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Note: NPR's First Listen audio comes down after the album is released. However, you can still listen with the Spotify playlist at the bottom of the page.
There's an untouchable quality to the works of Elliott Smith, the singer-songwriter whose 2003 death haunts his already-haunting songs about pain, longing, love and survival. As with the similarly ill-fated Nick Drake, attempts to emulate or cover Smith's music tend to capture the feathery beauty while missing the bruised quality that makes it burrow under the skin as deeply and indelibly as a tattoo. Elliott Smith's work, particularly his best-known solo material, sits best as-is, unchanged and untouchable.
So there's something deeply refreshing about Heaven Adores You, a companion soundtrack to the new Smith documentary of the same name. Though its title promises a certain loving precision, this set inventories the wobblier periphery of the singer's catalog: unheard early recordings, instrumentals, collaborations, live appearances and other illuminating footnotes. It even opens with "Untitled Guitar Finger Picking," in which a 14-year-old Smith plays prettily but unsteadily for all of 84 seconds.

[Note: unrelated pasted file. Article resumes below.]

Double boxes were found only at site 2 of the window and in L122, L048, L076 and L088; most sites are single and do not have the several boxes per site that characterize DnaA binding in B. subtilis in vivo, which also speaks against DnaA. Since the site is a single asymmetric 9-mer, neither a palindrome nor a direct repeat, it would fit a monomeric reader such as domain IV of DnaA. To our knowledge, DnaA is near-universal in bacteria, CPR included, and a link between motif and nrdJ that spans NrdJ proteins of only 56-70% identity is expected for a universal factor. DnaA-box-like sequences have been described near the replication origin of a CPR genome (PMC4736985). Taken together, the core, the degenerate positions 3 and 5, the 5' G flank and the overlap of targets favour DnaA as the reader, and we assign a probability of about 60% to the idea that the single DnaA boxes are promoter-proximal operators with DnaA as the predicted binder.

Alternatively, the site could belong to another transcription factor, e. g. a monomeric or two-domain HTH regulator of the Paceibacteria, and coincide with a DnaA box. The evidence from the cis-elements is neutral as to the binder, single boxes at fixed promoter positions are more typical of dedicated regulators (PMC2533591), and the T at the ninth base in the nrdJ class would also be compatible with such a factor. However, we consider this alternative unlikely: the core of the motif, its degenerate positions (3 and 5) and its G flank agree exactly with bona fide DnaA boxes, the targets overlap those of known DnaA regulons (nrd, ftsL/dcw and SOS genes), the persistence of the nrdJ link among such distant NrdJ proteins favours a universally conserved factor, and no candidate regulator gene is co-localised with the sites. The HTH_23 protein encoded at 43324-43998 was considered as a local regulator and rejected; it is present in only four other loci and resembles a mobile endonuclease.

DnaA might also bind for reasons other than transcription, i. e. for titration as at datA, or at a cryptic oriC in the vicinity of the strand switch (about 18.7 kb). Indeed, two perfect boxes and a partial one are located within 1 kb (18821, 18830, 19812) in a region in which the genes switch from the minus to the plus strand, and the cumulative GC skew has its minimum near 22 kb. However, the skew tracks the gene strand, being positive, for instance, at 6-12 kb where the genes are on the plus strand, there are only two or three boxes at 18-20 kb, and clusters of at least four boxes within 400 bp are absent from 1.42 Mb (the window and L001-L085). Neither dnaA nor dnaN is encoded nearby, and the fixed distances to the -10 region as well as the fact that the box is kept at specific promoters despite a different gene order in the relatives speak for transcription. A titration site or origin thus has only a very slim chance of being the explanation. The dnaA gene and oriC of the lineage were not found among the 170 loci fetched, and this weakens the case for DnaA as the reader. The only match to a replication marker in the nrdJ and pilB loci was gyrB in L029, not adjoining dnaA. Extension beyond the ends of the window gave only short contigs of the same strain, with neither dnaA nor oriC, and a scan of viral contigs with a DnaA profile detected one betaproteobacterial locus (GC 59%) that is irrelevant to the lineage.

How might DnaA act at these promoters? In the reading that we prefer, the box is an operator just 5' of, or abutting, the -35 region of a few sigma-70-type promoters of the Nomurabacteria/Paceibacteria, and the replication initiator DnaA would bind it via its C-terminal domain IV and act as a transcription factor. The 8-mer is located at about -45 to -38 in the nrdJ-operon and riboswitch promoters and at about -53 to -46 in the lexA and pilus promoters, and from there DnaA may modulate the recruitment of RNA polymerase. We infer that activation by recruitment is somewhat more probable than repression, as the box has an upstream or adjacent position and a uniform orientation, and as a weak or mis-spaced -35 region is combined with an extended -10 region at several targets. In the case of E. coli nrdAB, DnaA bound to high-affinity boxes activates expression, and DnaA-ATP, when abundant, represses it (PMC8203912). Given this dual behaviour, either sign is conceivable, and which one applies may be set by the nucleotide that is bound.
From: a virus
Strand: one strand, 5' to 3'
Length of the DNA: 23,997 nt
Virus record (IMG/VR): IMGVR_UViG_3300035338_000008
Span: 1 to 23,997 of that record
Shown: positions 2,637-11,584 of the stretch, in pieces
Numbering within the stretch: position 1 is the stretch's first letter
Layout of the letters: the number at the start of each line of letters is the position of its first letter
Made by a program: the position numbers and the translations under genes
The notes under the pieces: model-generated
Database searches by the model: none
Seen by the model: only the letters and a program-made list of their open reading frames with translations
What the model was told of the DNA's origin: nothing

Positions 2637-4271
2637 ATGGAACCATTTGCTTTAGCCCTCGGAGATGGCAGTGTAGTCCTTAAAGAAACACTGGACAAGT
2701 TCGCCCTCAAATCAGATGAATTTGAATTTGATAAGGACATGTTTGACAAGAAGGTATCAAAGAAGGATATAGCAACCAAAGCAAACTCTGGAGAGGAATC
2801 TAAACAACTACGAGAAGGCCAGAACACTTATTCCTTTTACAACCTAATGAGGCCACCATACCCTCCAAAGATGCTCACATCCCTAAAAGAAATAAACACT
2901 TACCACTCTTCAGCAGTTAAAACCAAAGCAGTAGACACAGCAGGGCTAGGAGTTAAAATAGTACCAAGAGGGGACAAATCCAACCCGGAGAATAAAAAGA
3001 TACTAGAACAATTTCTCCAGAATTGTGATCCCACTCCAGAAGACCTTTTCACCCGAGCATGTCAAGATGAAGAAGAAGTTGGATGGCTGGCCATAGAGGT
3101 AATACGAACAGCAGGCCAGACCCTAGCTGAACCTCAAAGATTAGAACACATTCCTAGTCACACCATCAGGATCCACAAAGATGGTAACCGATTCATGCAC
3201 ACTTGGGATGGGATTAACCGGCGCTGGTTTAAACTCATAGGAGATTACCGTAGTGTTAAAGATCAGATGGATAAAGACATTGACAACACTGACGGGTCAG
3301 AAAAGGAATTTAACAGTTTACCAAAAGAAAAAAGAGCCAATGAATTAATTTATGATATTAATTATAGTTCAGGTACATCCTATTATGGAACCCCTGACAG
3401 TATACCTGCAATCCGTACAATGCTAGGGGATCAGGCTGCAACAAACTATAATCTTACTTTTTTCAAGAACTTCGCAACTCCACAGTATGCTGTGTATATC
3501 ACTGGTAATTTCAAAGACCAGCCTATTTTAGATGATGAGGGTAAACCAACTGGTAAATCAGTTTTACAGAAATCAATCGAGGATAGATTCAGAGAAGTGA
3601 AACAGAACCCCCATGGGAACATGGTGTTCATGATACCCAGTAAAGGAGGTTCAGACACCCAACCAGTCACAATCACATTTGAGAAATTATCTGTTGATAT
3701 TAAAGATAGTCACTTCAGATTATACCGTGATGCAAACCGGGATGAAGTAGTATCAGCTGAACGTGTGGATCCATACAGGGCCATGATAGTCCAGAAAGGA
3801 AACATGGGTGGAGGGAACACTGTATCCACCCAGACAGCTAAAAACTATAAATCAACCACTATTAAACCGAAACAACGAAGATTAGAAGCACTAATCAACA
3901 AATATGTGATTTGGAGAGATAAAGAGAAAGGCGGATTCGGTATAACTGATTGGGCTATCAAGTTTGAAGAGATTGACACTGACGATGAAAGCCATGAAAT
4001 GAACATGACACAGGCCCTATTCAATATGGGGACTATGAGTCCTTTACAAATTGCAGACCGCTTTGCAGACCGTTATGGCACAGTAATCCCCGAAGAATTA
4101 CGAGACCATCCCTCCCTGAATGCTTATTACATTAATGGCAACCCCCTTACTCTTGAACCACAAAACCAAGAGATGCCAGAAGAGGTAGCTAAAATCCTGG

On paper, that may well sound like scraping the bottom of the vaults; like the logical end of a steady string of posthumously released material. In practice, however, this is a career-spanning (if mostly unheard-until-now) overview that attempts — successfully — to humanize its subject as a talented guy who grew into his voice during many years of refinement. Smith fans wishing for the pristine gut-punches of his perfect studio recordings already own those songs; here, they instead get an enlightening match-lit stroll along the margins.
Eventually, Heaven Adores You dispenses with the early demos and instrumentals, and instead settles in for a lengthy assortment of alternate versions, playful outtakes, and even his first TV appearance, a performance of "Miss Misery" on Late Night With Conan O'Brien. The mission here is clearly to free Elliott Smith from amber; to decontextualize him from his status as a tragic and unknowable figure. He was, after all, both knowable and known. He had a sense of humor. He started out on unsure creative footing, like anyone would, and spent his life getting better at his craft.
Heaven Adores You closes, pointedly, with a previously unreleased track called "I Love My Room." The title hints at a life of solitude; of discomfort with the outside world. But it's also light, childlike, even silly, and inviting to its core. As it meanders into memories of his youth, you could call it a romp. It's far from the most essential entry in the Elliott Smith catalog, but it does serve a crucial purpose: It paints a picture of Smith as a musician who did more than just suffer. He lived and tried and goofed around, just like anyone. His story's ending was just one chapter among many.
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